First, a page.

To Kill a Mockingbird: Atticus Finch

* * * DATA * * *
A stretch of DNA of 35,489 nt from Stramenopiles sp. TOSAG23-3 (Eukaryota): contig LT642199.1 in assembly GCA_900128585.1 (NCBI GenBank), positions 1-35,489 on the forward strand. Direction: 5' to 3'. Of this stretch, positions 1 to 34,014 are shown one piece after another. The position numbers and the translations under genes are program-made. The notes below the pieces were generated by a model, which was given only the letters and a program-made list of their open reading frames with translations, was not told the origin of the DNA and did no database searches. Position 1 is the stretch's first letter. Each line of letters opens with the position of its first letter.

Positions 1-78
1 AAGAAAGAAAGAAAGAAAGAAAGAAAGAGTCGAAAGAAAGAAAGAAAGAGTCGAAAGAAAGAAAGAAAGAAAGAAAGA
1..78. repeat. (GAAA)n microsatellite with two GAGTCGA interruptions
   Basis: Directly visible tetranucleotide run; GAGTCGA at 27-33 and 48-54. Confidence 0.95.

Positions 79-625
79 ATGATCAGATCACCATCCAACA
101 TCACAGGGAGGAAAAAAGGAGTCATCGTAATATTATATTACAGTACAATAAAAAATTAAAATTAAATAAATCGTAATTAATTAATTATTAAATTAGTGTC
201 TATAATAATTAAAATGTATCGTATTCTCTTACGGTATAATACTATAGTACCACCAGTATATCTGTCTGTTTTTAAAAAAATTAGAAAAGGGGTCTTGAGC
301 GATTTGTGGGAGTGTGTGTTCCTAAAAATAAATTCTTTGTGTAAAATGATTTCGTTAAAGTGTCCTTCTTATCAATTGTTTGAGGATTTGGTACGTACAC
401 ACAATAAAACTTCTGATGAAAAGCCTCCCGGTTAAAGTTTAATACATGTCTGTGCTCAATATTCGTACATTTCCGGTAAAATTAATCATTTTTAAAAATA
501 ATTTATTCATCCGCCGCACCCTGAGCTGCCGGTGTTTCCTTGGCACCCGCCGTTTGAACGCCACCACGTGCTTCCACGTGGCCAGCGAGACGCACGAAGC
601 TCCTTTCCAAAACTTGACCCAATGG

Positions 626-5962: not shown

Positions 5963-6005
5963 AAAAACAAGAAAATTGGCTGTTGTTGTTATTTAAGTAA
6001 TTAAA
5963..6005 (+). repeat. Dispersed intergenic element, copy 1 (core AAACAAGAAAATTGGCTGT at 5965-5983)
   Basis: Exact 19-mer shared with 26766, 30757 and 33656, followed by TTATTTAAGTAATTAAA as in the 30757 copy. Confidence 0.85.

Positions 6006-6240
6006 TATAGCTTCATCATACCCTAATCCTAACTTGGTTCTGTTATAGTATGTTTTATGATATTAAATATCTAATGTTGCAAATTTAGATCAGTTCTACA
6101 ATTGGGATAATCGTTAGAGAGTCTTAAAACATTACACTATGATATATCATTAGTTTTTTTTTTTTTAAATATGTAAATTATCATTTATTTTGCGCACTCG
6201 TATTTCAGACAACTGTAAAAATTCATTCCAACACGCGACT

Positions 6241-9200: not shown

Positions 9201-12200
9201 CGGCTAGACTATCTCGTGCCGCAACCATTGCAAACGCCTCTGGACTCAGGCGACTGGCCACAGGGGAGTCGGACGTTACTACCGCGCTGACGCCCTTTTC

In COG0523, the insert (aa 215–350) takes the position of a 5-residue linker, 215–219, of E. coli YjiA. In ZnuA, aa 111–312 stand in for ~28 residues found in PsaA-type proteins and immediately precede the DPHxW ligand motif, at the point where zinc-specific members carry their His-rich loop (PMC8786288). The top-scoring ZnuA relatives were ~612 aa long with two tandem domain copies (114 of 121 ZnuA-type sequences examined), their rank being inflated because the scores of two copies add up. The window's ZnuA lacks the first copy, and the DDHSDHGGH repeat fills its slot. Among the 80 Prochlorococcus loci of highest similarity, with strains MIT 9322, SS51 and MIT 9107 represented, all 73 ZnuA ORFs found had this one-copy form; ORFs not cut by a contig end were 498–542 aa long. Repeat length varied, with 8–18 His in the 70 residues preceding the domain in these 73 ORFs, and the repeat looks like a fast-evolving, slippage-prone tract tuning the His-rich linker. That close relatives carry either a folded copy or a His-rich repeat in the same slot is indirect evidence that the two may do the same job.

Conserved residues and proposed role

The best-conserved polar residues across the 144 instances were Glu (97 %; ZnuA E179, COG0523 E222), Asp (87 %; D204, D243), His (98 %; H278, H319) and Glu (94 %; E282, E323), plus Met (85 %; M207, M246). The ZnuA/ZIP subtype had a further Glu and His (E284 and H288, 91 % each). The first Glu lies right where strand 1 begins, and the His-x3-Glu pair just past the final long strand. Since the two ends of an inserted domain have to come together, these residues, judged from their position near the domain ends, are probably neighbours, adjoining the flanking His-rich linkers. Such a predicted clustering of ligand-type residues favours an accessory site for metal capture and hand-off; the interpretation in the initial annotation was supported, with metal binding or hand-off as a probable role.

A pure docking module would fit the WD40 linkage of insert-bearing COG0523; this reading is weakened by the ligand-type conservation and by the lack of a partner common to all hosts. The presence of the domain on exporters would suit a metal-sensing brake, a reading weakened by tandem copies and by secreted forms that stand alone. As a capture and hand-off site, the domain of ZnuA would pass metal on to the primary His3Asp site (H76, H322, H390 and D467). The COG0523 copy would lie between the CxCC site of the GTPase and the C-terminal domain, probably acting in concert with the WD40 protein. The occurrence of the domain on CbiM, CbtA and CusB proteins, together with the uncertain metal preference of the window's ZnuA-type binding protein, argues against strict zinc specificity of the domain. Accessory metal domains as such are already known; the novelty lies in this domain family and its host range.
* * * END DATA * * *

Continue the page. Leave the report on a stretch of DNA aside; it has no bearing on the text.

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It is a rare and beautiful thing to find someone that can stand up for what they believe in, still knowing that everyone else they know is against their ideas. In the novel To Kill a Mockingbird by Harper Lee, the protagonist, Atticus Finch, is a loving and just character who sees through the preconceived belief in his community that class and social position is very important by looking at everyone as an individual. He does this because of his own beliefs in equality and justice that he also tries to teach to his children. Atticus doesn’t act the way he does only for himself, but also for the people he cares most about. Atticus Finch is a loving, but understanding father. He said to his son, Jem, “There’s a lot of ugly things in this world, son. I wish I could keep ‘em all away from you. That’s never possible.” Children are going to grow up and learn how to be independent someday, like a baby bird when it’s leaving its nest. No parent wants to see their children go out into the world exposed to its dangers, but parents also know that they can’t always be there to protect them. Although Atticus accepts this idea, he loves his children, Scout and Jem, with all his heart. Atticus believes that everyone is equal despite their outside appearance. “You never really know a person until you consider things from his point of view—until you climb into his skin and walk around in it,” he said. Most people judge only from what is on the exterior instead of trying to make sense of how different people see things differently under various circumstances. No one should be distinguished by race, skin color, social class, or anything else that categorizes only a certain kind of people. Mr. Finch sees the good in everyone and respects them no matter the situation. In every sense of the word, Atticus is a fair and caring man who does nothing without good intentions and motivations.

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